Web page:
Richard Martin Shares Four Things He Learned Launching Micro Markets

Sept. 8, 2017
“I feel 18 again” – Richard Martin, CEO Snack Time Vending

In the 1990s and early 2000s, Richard Martin was riding a wave of success in the vending industry. Then Sept. 11, 2001 happened and the former New York vending operator lost half of his business when his largest client pulled out of vending service.

Four years later, in 2005, Martin moved the entire vending business from New York to North Carolina – a region in which he was already offering vending services. Since that time he and his staff have worked hard to grow Snack Time Vending, but for the first time in more than a decade, Martin is excited about the future of the industry and his company all because of one concept: the micro market.

On March 2, 2017, Snack Time Vending opened its first micro market with 365 Retail Markets and has since that time grown to operate eight markets in the Charlotte, N.C., area. “It’s a slow move, but I want to understand the market better,” says Martin. “I am cautiously optimistic to make sure I have the right people and growth in place.” But that doesn’t mean Martin is cautiously optimistic about micro markets. In fact, Martin is ecstatic about the micro market concept. “I feel 18 again,” he said excitedly. Martin, for the first time in a long time, is hopeful to grow his business to the same level of success he saw pre-9/11, all thanks to micro markets.

Though it took some self-convincing to invest in the micro market concept, Martin isn’t looking back. As a semi-new micro market operator, he shared his top four lessons in getting in the game, the mistakes made and the opportunity ahead:

Lesson #1: Trust everybody as a customer

Martin says one of the biggest things he has learned is to trust the customer. “It allows you a comfort zone with them with them,” he said. “My cameras did not go up for the first 30 days the market was set. I wanted them to trust me and I wanted to trust them.”

Lesson #2: There will be people who will test that trust

The second lesson is that there will be those people who break that trust. “You inevitably will catch those people who steal,” said Martin. In those instances, Martin will use video footage to find the thief and take the next steps.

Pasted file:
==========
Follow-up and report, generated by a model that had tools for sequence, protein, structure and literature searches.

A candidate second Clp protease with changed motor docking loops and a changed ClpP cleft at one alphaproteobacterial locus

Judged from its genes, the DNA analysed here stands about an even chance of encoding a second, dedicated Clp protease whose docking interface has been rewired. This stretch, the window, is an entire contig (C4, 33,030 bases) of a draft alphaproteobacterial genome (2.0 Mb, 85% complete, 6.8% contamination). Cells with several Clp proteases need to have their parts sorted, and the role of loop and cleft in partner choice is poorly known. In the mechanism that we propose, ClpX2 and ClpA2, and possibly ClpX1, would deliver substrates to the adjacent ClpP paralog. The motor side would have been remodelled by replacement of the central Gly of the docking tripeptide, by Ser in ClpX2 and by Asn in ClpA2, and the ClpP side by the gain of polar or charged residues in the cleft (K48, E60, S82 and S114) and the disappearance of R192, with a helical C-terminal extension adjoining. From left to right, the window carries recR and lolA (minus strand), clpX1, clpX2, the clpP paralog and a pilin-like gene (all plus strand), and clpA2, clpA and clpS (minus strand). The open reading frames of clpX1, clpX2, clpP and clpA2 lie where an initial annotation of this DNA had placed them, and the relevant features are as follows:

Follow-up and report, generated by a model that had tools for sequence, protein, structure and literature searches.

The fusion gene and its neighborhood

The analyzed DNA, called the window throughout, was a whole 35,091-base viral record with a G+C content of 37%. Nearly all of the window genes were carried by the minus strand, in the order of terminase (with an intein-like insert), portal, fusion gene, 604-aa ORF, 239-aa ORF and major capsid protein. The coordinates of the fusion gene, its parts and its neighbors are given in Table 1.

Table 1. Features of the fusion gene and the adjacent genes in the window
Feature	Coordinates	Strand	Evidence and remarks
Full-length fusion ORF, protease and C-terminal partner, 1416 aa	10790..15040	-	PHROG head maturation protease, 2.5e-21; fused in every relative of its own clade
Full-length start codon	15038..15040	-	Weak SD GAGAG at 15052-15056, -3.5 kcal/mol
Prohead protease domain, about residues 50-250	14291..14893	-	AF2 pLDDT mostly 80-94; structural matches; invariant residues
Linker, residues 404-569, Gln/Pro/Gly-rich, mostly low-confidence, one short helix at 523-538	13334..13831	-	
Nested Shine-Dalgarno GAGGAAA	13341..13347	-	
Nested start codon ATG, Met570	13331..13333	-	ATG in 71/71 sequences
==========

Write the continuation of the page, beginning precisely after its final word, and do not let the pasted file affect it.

Lesson #3: Micro markets bring untapped potential

Micro markets, said Martin, can provide an uncapped potential if an operation has the right team in place, monitoring the movement of product. “You can make exponentially 20 to 30 percent more money than any vending machine could ever make,” he noted.

Lesson #4: Hesitation is missed opportunity

Martin says that the biggest mistake he has made when it comes to micro markets so far is that he wished he had gotten into the business sooner. “I lost opportunities,” he said. “I should have jumped earlier.” It’s a lesson Martin learned, but a decision he is glad he eventually made.

Martin’s advice for other operators looking at micro markets is simple. “Do your research and make sure it’s something you want to get into. If you’re getting into micro markets, you’re not phasing yourself out, you’re either re-growing your business or setting yourself up to sell.”


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Product Guide

365 Retail Markets

July 16, 2012
365 Retail Markets is the global leader of self-service convenience technologies and strategic partnerships with foodservice operators worldwide. 365's combination of micro market...